Robb: It was a bit more difficult getting my head around returning to the mountains than I thought after my last experience with Taylor. So I am surprised a bit by the notion which overtook me to change my plans and collect Charlie. Maybe the thought of being on my own was more daunting than I thought. But I don't think so, as the thought of being further up the valley on a stormy night in a smaller less posh hut still makes me sigh with a small tinge of regret that it is NOT where I am. Or maybe it was the mountain spirits themselves knowing me better than I know own myself. I like the thought of that for some reason.

Up onto the ridge. A couple days ago this all would have been covered in snow. 600 metres or so. We had a long way to go and did not get into snow until well over 900 metres. Still, the winter forest above heaves and sighs with energy, colour, and steepness!

Charlie looking for snow ahead. Not yet mate!

Finally! Nearly two hours after starting our climb did we get into any real snow still around. As a kid who grew up with Wisconsin winters, it takes a fair bit of snow to impress me. But through the eyes of a child who has NEVER been in amongst the stuff, it is a real amazing experience to observe. Especially when the kid has to work so hard, and climb so high to see it.

The hump below is the ridge to Tunupo peak we were climbing. A long steadily climbing ridge, which then steepens considerably when finally emerging out of the forest into the tupare and tussock. Gazing up at the route ahead.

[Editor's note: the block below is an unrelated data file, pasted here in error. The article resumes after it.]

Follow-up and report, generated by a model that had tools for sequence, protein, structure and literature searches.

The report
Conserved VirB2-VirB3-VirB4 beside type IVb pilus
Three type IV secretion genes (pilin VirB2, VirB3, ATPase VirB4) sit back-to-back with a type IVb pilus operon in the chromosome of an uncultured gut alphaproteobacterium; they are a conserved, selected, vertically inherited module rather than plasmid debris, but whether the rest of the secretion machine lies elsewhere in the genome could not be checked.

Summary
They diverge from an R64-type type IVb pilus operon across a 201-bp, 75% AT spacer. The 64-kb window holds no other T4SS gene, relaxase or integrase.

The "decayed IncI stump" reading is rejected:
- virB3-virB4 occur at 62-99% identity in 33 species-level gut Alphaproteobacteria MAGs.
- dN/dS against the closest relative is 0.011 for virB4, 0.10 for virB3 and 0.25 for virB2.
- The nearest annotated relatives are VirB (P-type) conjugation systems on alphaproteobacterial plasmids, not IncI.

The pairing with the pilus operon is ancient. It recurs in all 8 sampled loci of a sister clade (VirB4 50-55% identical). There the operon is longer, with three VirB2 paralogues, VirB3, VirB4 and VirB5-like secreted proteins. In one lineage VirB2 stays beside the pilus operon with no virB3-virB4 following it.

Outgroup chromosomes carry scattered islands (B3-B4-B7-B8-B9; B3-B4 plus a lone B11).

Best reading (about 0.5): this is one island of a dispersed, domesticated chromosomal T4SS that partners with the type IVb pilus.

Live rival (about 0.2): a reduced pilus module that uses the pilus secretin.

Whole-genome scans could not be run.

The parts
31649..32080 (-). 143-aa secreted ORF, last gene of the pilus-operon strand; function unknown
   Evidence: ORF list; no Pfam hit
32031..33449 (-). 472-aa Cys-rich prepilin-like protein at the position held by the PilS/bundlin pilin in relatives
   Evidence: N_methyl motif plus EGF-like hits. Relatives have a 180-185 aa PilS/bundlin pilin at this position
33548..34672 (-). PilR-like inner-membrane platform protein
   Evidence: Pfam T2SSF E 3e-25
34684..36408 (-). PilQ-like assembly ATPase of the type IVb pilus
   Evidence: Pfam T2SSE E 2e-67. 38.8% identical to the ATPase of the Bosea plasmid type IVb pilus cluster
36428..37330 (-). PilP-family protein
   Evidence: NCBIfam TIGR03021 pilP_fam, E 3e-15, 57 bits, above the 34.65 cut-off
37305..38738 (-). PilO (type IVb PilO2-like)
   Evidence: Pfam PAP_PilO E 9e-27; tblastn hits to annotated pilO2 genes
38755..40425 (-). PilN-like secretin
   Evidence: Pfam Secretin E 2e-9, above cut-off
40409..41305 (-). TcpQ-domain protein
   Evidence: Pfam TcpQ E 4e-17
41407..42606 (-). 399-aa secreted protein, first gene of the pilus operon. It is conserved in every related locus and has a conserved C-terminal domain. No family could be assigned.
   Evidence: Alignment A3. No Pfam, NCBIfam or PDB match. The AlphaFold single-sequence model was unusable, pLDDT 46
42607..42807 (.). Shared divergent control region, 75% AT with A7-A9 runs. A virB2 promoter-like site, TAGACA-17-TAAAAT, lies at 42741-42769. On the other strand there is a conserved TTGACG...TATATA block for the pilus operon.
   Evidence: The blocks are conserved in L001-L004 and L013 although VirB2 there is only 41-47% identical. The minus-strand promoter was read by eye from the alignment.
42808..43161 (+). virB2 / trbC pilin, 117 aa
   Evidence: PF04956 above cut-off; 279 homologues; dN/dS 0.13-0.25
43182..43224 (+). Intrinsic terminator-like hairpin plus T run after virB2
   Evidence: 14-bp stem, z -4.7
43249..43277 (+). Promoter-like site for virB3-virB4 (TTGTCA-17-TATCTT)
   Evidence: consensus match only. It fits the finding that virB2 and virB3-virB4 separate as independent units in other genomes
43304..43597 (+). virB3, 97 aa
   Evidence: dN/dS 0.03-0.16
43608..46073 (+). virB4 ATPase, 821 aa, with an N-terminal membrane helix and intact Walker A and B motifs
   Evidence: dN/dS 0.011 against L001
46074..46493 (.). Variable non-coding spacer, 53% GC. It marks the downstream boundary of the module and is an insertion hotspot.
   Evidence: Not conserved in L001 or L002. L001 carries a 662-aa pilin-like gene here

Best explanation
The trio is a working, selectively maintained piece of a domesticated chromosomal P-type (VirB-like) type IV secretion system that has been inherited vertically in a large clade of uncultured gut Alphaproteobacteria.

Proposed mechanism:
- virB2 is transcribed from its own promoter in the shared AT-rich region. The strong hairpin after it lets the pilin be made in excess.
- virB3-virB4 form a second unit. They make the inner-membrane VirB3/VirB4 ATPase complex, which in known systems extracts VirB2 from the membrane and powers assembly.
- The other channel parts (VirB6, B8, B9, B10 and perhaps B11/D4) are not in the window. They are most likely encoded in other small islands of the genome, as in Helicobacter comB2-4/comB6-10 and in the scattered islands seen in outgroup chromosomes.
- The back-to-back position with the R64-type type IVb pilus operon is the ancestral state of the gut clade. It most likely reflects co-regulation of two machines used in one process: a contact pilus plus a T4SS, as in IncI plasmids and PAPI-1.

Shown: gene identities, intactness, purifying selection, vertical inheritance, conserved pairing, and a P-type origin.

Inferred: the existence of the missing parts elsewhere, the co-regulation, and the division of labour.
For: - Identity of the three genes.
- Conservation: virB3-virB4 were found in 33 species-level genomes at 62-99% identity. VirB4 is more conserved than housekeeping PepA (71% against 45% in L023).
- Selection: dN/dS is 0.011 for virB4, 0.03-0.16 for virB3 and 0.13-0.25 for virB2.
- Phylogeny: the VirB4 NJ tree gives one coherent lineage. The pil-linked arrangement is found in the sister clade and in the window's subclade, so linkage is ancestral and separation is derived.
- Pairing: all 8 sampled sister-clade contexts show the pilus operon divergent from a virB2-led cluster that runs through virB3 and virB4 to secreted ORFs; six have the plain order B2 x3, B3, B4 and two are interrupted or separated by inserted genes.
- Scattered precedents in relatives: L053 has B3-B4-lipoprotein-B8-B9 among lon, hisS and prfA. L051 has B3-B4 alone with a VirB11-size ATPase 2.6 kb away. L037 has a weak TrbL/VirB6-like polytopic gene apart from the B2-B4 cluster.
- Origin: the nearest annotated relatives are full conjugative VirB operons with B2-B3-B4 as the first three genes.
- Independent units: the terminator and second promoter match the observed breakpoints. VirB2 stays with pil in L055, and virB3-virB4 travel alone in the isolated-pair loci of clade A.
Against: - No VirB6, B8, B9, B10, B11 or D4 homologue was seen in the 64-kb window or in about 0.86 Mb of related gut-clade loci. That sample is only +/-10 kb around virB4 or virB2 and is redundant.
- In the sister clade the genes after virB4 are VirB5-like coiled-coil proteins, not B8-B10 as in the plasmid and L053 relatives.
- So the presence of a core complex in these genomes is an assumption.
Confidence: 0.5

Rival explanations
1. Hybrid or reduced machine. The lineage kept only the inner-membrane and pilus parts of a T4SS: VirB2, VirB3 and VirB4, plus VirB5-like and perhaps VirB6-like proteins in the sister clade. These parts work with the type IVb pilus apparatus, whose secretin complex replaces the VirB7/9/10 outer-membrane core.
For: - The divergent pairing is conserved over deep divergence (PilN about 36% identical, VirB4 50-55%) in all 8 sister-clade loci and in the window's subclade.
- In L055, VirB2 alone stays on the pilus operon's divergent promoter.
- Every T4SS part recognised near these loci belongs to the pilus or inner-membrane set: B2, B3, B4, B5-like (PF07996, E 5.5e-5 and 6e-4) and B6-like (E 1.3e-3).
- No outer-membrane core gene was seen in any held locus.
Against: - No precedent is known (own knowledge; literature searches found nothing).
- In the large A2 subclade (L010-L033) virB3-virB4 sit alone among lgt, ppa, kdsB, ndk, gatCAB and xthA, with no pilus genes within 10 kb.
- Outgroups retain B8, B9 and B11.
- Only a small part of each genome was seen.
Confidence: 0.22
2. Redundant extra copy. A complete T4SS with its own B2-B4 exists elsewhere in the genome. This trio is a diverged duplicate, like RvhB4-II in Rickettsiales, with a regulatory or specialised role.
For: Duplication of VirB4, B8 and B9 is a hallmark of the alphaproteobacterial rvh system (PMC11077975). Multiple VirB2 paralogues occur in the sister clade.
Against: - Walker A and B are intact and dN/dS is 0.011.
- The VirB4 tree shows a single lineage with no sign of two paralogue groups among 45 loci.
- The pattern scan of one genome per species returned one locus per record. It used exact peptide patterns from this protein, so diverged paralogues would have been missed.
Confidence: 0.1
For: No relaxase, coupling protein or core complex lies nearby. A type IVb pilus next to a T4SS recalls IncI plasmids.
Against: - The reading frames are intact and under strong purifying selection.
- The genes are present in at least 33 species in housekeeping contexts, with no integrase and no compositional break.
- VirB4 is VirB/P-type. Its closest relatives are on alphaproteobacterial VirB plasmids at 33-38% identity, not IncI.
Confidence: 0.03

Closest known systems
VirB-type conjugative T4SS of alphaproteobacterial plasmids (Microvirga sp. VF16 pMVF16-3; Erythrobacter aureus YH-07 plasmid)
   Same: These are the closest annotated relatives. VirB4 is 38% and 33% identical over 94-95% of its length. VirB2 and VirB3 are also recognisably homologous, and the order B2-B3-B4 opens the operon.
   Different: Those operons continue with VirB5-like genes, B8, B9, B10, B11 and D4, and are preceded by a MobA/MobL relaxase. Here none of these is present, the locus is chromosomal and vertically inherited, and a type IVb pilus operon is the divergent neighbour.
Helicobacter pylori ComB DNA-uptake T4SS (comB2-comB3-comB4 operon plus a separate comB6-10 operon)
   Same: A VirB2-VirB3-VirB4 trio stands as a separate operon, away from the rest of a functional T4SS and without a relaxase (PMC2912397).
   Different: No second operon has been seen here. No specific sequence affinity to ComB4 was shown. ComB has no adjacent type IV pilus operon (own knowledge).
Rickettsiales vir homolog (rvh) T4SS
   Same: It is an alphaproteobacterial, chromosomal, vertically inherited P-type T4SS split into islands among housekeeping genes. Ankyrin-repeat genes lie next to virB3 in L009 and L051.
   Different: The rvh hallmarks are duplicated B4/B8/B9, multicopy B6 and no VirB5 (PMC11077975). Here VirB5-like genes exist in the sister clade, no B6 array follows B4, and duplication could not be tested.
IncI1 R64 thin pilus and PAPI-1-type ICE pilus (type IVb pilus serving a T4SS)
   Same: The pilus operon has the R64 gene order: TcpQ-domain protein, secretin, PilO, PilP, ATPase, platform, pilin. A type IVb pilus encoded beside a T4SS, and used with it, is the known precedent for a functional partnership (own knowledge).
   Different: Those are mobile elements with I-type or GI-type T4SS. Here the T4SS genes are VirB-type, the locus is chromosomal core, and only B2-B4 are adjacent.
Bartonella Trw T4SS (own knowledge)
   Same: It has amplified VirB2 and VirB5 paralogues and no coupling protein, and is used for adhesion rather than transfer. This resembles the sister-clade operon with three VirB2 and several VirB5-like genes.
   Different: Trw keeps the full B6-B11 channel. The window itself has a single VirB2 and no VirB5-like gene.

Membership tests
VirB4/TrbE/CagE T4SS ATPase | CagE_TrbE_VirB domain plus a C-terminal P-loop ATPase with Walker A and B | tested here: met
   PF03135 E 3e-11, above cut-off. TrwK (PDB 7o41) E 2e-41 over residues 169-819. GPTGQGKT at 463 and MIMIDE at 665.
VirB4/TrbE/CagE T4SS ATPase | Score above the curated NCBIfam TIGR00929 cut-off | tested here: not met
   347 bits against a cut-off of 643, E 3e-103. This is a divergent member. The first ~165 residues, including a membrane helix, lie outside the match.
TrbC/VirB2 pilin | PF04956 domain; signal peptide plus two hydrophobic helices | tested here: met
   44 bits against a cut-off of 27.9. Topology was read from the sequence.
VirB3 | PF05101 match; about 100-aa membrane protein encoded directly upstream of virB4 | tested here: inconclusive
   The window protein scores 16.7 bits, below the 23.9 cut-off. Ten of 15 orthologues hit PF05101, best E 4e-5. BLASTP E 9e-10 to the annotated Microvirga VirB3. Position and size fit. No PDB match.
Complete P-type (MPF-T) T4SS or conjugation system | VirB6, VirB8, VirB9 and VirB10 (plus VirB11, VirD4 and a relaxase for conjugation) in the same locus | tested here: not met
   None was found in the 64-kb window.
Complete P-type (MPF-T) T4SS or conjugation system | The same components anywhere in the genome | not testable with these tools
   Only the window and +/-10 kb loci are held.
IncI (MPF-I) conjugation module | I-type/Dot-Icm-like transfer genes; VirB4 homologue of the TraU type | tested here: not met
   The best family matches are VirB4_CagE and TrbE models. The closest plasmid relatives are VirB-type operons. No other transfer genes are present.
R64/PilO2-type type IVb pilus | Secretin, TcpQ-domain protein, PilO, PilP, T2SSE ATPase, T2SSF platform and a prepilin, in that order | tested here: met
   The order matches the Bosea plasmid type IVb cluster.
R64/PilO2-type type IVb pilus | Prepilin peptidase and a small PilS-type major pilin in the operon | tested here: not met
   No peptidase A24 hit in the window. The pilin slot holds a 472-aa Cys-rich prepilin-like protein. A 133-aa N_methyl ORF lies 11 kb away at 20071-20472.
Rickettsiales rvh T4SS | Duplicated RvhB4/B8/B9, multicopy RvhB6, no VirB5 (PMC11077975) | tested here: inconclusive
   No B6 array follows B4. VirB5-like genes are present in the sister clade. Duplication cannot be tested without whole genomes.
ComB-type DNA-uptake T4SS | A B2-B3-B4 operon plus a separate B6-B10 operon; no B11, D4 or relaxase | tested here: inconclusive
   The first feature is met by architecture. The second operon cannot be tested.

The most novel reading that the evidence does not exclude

Charlie got a fire in the belly once we saw a bit of snow. Climbing up with a big smile on his face.


A phone call to mum. The final push to Tunupo lies in the background. The weather up was getting considerably cold, misty and cloudy. Not too much longer from here and I pulled the pin to Charlie's chagrin.

The far off Whanahuia's on a stormy winter day.

Heading back down. A lot of work still ahead.

Lower in the forest the mosses and lichens began to glow. There is a lot going here in this photo.

An old familiar friend.

"Winter Ruahine"
The scents of the winter forest greet me
the musty earthy loveliness
assures me of my place here
the flapping wings of the chubby Kereru
like the forlorn song of the whio further below
and the gentle towering presence of the tawhairaunui
all familiar and real
like the aroma of fresh brewed coffee
or the Thanksgiving delights in my grandmother's oven
muddy steep tracks that never end
pulling us upward guided by the glow and shine
of the mosses and lichens
we climb to the tupare
to the snow
my child has never seen till now.

Charlie back below, a short few minutes to Heritage, warm fresh gear and hot drinks. It was a 6 hour effort round trip to get up there and back to see a bit of snow. I think he will remember this.

Robb and Charlie